Scott Brown's unexpected victory in last month's special US Senate election captured the attention of the country — and particularly of core Republican voters, who huddled eagerly before their TV screens to watch their hero du jour
give his acceptance speech. But even in the midst of his moment in the sun, Brown made sure to thank the other
handsome, well-coifed man on the stage, Mitt Romney — who, as it happens, would very much like the votes of that national Republican audience in the 2012 Republican presidential primaries.
Granted, it's very early in the 2012 presidential cycle, and if you ask the Romney camp, they'll profess him to be focused exclusively on helping GOP candidates this November. But make no mistake: Romney is in the process of re-launching himself for 2012.
His new book — No Apology: The Case for American Greatness — comes out in two weeks, and he'll be promoting it with a tour blitz that starts on The View and quickly heads to the crucial first-voting state of Iowa. This weekend, he's scheduled to speak at the Conservative Political Action Conference (CPAC) in Washington, DC, which will conduct a 2012 presidential straw poll. And he is already busy traveling the country, raising money for himself and other Republicans, to maintain and grow his national network.
From the looks of it, the 2012 version of Romney will be somewhat different than the one that lost in 2008. In that campaign, Romney tacked hard to the right — where Romney and his strategists perceived an opening as the conservative alternative to front-runners John McCain and Rudy Giuliani.
In retrospect, Team Romney believes their strategy was in error, according to some who are familiar with the campaign's post-election brainstorming. Although exit polls showed that he did well among the most ideological conservatives — particularly those most adamantly opposed to McCain's immigration-reform stance — he was not able to win over religious Christian conservatives. That left him unable to make up for sacrificing the votes of relatively moderate primary-goers.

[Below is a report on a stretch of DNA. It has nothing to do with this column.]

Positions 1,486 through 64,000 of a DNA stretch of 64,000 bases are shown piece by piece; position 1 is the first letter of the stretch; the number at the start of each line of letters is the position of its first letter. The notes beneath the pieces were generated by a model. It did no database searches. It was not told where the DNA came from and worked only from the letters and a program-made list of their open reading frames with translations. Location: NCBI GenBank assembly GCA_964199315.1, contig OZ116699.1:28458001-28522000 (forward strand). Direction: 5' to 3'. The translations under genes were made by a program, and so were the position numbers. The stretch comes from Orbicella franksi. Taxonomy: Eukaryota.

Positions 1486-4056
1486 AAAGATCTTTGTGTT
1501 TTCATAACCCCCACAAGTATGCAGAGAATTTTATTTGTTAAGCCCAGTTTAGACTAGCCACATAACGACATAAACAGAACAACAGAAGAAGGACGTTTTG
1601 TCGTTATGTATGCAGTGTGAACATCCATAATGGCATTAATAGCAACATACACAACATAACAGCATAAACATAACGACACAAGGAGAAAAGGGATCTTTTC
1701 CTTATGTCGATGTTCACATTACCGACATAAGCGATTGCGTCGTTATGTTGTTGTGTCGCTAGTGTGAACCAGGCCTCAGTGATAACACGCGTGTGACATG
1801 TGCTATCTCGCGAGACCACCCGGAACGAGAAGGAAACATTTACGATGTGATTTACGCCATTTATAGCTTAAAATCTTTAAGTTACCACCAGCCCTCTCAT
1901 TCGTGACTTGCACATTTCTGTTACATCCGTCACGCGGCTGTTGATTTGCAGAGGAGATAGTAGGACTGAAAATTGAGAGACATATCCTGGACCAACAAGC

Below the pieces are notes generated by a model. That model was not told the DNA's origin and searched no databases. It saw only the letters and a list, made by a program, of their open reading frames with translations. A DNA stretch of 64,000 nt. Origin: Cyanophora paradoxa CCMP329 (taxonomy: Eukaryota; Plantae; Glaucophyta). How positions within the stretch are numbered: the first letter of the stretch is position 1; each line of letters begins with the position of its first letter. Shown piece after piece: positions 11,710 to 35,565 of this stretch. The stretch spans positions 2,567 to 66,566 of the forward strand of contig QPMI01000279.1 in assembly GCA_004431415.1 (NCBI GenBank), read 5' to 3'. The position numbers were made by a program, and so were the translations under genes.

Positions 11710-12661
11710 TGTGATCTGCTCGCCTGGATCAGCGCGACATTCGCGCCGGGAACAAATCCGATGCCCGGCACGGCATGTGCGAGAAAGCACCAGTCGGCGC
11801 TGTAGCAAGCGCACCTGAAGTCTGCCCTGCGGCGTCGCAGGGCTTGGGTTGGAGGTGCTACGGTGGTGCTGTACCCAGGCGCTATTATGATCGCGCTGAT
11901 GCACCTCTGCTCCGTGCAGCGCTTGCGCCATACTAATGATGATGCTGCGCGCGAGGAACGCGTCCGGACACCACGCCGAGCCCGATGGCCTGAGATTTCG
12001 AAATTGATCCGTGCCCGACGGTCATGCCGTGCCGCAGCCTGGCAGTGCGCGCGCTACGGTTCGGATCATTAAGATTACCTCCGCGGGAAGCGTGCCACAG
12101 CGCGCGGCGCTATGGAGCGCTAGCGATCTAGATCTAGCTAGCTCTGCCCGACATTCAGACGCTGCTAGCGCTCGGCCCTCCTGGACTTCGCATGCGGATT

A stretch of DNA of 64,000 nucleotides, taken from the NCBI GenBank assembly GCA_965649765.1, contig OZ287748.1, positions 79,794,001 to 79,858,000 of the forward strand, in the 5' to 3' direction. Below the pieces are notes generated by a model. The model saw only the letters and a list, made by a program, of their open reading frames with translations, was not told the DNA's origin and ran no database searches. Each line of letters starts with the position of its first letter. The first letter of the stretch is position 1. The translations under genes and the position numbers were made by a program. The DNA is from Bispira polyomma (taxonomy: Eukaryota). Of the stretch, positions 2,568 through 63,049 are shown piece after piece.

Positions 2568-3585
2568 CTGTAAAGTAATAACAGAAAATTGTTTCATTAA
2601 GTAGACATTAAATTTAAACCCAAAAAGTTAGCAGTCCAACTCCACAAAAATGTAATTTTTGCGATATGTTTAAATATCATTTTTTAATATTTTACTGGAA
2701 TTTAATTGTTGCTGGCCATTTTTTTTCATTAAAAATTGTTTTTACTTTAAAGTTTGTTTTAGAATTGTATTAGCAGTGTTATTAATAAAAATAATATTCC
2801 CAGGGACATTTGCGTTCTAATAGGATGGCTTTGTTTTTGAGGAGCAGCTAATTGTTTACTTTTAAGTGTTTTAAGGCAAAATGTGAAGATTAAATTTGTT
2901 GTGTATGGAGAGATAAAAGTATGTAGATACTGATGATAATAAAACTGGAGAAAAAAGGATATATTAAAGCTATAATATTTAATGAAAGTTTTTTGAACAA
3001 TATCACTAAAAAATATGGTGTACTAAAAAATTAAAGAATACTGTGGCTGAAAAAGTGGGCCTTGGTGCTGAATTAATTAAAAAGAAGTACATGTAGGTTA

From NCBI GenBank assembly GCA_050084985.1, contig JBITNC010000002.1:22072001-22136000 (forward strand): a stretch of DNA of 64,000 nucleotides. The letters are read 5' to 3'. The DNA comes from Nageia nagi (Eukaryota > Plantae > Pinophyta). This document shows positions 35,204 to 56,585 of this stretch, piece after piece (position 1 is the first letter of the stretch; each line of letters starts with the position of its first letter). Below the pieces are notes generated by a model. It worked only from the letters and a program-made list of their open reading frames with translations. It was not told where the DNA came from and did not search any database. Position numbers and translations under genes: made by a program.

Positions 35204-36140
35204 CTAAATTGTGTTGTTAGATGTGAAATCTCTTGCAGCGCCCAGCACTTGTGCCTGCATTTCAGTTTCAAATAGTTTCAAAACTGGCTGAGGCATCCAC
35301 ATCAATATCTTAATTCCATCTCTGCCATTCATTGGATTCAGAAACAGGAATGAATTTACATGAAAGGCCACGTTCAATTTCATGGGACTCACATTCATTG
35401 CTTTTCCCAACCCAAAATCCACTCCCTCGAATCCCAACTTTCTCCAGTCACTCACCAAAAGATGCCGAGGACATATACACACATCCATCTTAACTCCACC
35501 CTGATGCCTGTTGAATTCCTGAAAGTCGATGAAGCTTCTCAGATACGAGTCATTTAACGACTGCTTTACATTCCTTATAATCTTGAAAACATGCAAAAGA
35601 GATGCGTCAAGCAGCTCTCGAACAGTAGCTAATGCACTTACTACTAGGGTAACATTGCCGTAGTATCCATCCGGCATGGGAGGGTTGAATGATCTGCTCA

In a nutshell, he made himself too conservative for blue-state Republicans, who opted for McCain, but wasn't conservative enough for red-state conservatives, who opted for Mike Huckabee.
"He was a Massachusetts moderate who tried to be a hard-right conservative," says one Republican strategist. "It turned out he probably would have been better off sticking with what he was — Mr. Fix-It."
"He got himself caught up in the social-issues debate," says Bill Achtmayer, chairman of business-strategy consultants the Parthenon Group and a supporter of Romney, his former colleague at Bain Consulting. "It diverted people's attention from what he does bring to the table."
As a result, the new Romney is now de-emphasizing social issues like abortion, same-sex marriage, and illegal immigration. He has made no public comment, for instance, about last week's announcement that top military leaders intend to end the "Don't Ask, Don't Tell" policy, has scrupulously avoided association with the Tea Party movement, and has refrained from backing conservatives that other presidential hopefuls have endorsed, such as Doug Hoffman in New York or Marco Rubio in Florida.